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Comfort Station Mood Reflects Irma's Glancing Blow

James Clarke Ash

The mood was surprisingly upbeat among Hurricane Irma survivors who trekked to the Leroy Collins Library to charge cell phones and laptops and stock up on bottled water.

Leon County and Tallahassee opened post storm comfort stations as a direct result of Hurricane Hermine’s extended power outages last summer.

His neck encased in a foam collar and head covered by a baseball cap, Jon Goldfarb is in good spirits as he fills a goodie bag with snack food.

The disabled veteran caught a city bus to the main library to recharge his cell phone and get something to nibble on until the power returns to his Old St. Augsutine Road neighborhood.

Like many locals, Goldfarb’s home escaped damage and he is feeling lucky.

“It’s part of life. I live in Florida. Deal with it. I’m ex-military. I’m used to hard work and doing things…If you live in Kansas, there’s going to be tornados. If you live in Florida, there’s going to be hurricanes. It’s just part of it.”

Behind Goldfarb sits a series of folding picnic tables covered with a sea of single-serving chips, cookies, apple sauce and nearly every other snack food imaginable. Cases of bottled water line one wall. CNN blares from a large screen TV.

Leon Human Services Director Shington Lamy greets every comer. He says a few people were waiting when the doors opened and a few hours later, the stream is steady.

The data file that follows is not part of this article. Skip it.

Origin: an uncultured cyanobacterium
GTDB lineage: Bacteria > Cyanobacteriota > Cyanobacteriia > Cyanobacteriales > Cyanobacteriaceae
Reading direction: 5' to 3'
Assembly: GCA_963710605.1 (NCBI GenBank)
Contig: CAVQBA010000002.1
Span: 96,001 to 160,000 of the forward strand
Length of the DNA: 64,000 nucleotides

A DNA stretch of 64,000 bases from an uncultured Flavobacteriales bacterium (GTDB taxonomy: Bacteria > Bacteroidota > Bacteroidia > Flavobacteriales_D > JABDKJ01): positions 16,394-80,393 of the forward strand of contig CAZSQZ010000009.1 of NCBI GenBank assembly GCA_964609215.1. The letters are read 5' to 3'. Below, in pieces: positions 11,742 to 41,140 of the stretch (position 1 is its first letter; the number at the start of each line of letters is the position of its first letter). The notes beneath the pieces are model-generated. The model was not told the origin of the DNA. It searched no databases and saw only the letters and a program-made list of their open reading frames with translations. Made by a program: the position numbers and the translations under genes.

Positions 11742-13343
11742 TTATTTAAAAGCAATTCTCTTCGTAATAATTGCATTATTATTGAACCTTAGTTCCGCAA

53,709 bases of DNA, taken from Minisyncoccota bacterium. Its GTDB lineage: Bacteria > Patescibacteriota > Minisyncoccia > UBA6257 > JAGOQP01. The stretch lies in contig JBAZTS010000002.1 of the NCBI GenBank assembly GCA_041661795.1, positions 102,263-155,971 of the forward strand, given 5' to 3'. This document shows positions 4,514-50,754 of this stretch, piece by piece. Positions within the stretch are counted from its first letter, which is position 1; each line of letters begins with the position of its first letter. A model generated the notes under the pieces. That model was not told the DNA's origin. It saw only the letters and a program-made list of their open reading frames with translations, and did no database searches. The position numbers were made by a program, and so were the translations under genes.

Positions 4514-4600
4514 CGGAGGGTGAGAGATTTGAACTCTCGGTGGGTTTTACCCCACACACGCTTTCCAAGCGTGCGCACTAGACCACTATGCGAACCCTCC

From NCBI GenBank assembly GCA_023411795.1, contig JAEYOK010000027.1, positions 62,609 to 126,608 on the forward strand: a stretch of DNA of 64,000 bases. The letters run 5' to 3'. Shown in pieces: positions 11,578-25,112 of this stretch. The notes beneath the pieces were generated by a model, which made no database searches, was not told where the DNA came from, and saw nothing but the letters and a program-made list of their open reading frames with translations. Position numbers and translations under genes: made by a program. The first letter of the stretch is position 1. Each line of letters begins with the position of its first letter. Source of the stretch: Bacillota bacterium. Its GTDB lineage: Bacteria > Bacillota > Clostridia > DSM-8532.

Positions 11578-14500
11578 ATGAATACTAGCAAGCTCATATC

“We’ve gotten about a little over 100, close to 150 people here, yeah, since we opened at 9 a.m. this morning. A few folks have been in here since they still don’t have power.”

Volunteer Kathleen Power is behind one table offering a weary but  comforting smile and a patient ear. The Tallahassee physical therapist rode Irma out in a Red Cross shelter in the Rickards High School gym, sharing pizza and sandwiches with 500 other evacuees.

Power said spirits were high and she wanted to pass the feeling along.

“We slept in the cafeteria. I had brought my sleeping bag. But the provided blankets and mats for people who did not bring accommodations. So it was very, very hospitable.”

The station at the main library on West Park Avenue was scheduled to remain open until 7 p.m. and supplies came compliments of Second Harvest food bank. The city sponsored similar comfort stations at the Tallahassee Senior Center and five community centers.

A Miami native, former WFSU reporter Jim Ash is an award-winning journalist with more than 20 years of experience, most of it in print. He has been a member of the Florida Capital Press Corps since 1992.